How big is the ethereum market? In light of recent developments, answering this question has become more complex for traders and market observers.
Due to the unintended consequences of the ethereum community's decision to create a new version of its blockchain last month, there are now two ethereum markets representing the value of almost identical platforms.
The planned technical change, which at first had seemed to go off without a hitch, soon got a little strange, as a whole ecosystem of exchanges, miners and traders sprung up around the abandoned blockchain.
At press time, this has resulted in a market for tokens trading on two separate blockchains. Ethereum, the blockchain created in the hard fork, had a total market cap of nearly $900m, while ethereum classic's market cap stood at $141m. Ethereum tokens (ethers/ETH) were worth just over $10, while classic ethers (ETC) were valued at $1.70.
For some time, the fork created a field day for traders.
Chris Burniske, blockchain products lead for investment manager ARK Invest, recalled the sudden rise, telling CoinDesk:
After the hard fork was executed, he said, "big players" in the digital currency trading space starting buying "large amounts" of ETC. Further, as those who owned ETH were automatically credited an equal amount of ETC, trading volume surged as speculators sought gains.
"The markets weren’t very liquid, and so even a small boost in demand was able to boost the price," he added. "Price appreciation drove interest."
However, now that the dust has settled, market observers are beginning to wonder how long ETC and ETH will be able to coexist. Will the ethereum blockchain be abandoned by developers? Will the new chain be embraced? Or will both stubbornly continue to coexist?
For now, it seems, experts aren't really sure.
Ideology drives fundamentals
While the two blockchains are near identical, some market observers believe the ideological differences create separate price dynamics.
Petar Zivkovski, director of operations for leveraged bitcoin trading platform Whaleclub, spoke to how desires for ideological purity helped fuel the creation of ethereum classic.
His argument is that by rejecting the decision to return funds stolen by the so-called DAO hacker, ETC established itself as a blockchain that would preserve the finality of transactions.
"The rise of ETC is a direct testament to the power of a decentralized, non-governed blockchain system, despite its flaws, and a clear rejection of ETH, which is now regarded by some as a centralized, influenceable system governed by a few enlightened developers," he said.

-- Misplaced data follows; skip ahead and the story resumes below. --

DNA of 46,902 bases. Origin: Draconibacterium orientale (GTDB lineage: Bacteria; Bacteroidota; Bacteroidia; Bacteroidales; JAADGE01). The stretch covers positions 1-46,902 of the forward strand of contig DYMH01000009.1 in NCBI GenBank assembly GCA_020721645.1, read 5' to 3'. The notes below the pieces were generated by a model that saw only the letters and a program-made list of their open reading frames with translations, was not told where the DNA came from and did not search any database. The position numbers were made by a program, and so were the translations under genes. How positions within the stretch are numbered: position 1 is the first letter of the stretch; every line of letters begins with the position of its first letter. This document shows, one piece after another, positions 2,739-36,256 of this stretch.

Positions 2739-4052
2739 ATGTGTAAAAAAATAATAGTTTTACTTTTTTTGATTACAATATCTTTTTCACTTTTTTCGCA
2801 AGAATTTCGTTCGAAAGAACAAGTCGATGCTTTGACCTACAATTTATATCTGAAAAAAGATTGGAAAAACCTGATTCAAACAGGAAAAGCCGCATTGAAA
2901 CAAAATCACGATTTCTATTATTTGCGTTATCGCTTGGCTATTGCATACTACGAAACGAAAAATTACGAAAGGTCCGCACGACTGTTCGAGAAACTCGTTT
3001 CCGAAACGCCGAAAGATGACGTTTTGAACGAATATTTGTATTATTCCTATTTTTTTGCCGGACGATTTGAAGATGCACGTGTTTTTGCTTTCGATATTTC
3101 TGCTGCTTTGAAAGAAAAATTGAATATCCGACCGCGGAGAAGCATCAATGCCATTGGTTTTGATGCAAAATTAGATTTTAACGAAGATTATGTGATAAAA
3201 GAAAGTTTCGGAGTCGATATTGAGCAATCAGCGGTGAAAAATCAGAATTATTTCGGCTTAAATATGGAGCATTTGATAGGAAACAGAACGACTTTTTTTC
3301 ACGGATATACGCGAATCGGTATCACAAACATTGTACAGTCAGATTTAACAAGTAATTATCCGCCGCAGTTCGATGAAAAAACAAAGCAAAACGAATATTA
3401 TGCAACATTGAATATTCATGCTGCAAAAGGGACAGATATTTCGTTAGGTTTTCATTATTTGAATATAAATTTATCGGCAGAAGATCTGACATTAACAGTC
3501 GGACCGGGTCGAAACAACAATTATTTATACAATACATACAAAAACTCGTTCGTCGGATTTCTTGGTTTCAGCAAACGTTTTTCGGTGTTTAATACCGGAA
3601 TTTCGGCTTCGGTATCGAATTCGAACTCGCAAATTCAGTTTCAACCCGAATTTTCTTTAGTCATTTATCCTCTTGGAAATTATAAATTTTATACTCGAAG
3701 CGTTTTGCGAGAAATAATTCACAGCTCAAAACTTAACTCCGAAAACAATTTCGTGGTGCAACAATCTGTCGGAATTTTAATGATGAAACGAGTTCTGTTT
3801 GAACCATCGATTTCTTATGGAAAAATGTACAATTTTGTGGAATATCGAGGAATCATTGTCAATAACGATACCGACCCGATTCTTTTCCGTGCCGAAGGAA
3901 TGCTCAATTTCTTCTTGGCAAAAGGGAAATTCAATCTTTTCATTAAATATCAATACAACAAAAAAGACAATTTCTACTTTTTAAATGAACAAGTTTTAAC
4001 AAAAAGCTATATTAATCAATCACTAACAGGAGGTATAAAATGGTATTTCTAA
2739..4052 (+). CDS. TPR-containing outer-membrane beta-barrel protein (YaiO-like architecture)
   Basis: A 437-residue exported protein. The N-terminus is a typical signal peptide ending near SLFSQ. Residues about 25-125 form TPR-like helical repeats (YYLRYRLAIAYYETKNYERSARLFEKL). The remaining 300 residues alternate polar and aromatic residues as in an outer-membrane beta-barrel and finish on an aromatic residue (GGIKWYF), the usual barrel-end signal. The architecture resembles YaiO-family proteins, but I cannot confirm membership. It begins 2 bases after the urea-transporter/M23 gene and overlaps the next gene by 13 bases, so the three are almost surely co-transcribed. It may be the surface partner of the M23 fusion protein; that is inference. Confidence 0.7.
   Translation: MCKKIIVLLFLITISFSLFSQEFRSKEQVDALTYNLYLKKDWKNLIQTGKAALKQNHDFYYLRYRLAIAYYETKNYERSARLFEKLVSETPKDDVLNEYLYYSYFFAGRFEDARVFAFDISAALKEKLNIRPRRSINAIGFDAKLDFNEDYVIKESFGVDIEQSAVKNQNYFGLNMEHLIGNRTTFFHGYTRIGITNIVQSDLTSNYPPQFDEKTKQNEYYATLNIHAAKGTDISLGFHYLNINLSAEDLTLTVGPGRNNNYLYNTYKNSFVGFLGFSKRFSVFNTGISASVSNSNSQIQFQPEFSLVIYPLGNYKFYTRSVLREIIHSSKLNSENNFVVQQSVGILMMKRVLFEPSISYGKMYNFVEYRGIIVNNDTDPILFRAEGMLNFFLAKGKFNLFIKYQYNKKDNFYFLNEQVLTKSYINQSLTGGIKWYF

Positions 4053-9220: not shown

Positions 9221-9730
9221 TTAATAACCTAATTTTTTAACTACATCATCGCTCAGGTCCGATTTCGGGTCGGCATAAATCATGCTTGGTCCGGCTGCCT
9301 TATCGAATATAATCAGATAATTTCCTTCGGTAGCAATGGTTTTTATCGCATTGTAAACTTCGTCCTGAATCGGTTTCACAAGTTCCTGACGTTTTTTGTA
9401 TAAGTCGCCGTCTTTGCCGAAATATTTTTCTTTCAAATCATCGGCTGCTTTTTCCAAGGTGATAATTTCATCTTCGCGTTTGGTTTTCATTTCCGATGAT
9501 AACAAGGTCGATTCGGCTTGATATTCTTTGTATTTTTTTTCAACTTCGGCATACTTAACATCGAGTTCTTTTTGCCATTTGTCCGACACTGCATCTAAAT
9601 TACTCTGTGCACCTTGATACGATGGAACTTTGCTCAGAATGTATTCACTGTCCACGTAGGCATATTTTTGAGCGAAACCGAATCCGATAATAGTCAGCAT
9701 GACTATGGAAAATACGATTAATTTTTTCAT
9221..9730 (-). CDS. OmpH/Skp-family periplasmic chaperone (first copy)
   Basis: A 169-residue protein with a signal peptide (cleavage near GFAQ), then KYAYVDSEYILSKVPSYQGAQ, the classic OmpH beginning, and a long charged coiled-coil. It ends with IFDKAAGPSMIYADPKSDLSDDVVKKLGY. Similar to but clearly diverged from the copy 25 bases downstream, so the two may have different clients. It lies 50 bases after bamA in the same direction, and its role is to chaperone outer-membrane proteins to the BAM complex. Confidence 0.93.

As traders were drawn to this idea, so were other key blockchain players.
Following the hard fork, as trading volume grew, miners saw value in mining the old version of the blockchain.
Now that ETH and ETC coexist, the more important question is whether this situation is sustainable. Do both markets exhibit the needed fundamentals?
Zivkovski emphasized that the volatility on "ETH-based pairs" remains high, as the ETH currency is just over a year old.
Demand, he said, will be required to keep up this volatility.
"The question that's on every market observer's mind is whether this demand can be sustained," he noted, adding:
Zivkovski asserted that both currencies have yet to define themselves as uniquely as bitcoin, arguing they have limited use as a store of value.
Past that, Arthur Hayes, CEO of bitcoin trading platform BitMEX, emphasized that both markets may be sustained as they have proved profitable for traders.
"Holders of ETH pre-fork have actually increased their wealth since the fork [when you combine] the ETH and ETC prices," he said.
Still, some market observers point to the potential technical limitations of having twin platforms.
After all, the tokens are meant to power decentralized ethereum applications, and it's not immediately clear what having two versions of ether provides developers.
Calibrated Markets LLC's Jacob Eliosoff has argued that having two markets simply isn't practical for end-users.
"'The more the merrier' is a fine philosophy for ideologues and traders, but for people who actually want to run or build smart contracts, two chains are a mess,” he said.
He also wondered whether the two blockchains will be able to draw enough developer talent to continue.
Here, Burniske said, he sees ETC at a disadvantage.
"While developer support is growing for ETC, I don’t see a cohesive team of rock-star developers moving to support it, in the way that we’ve seen with ETH," he said.
Burniske noted that, while he doesn’t necessarily think ETC will ever "die", he said digital currencies often fade into obsolescence. After all, to remain "alive", the network only requires one mining rig.
Hayes provided the most optimistic view, however, stating that, through clear ideological differences, the two versions of ethereum could continue.
Two fencers image via Shutterstock
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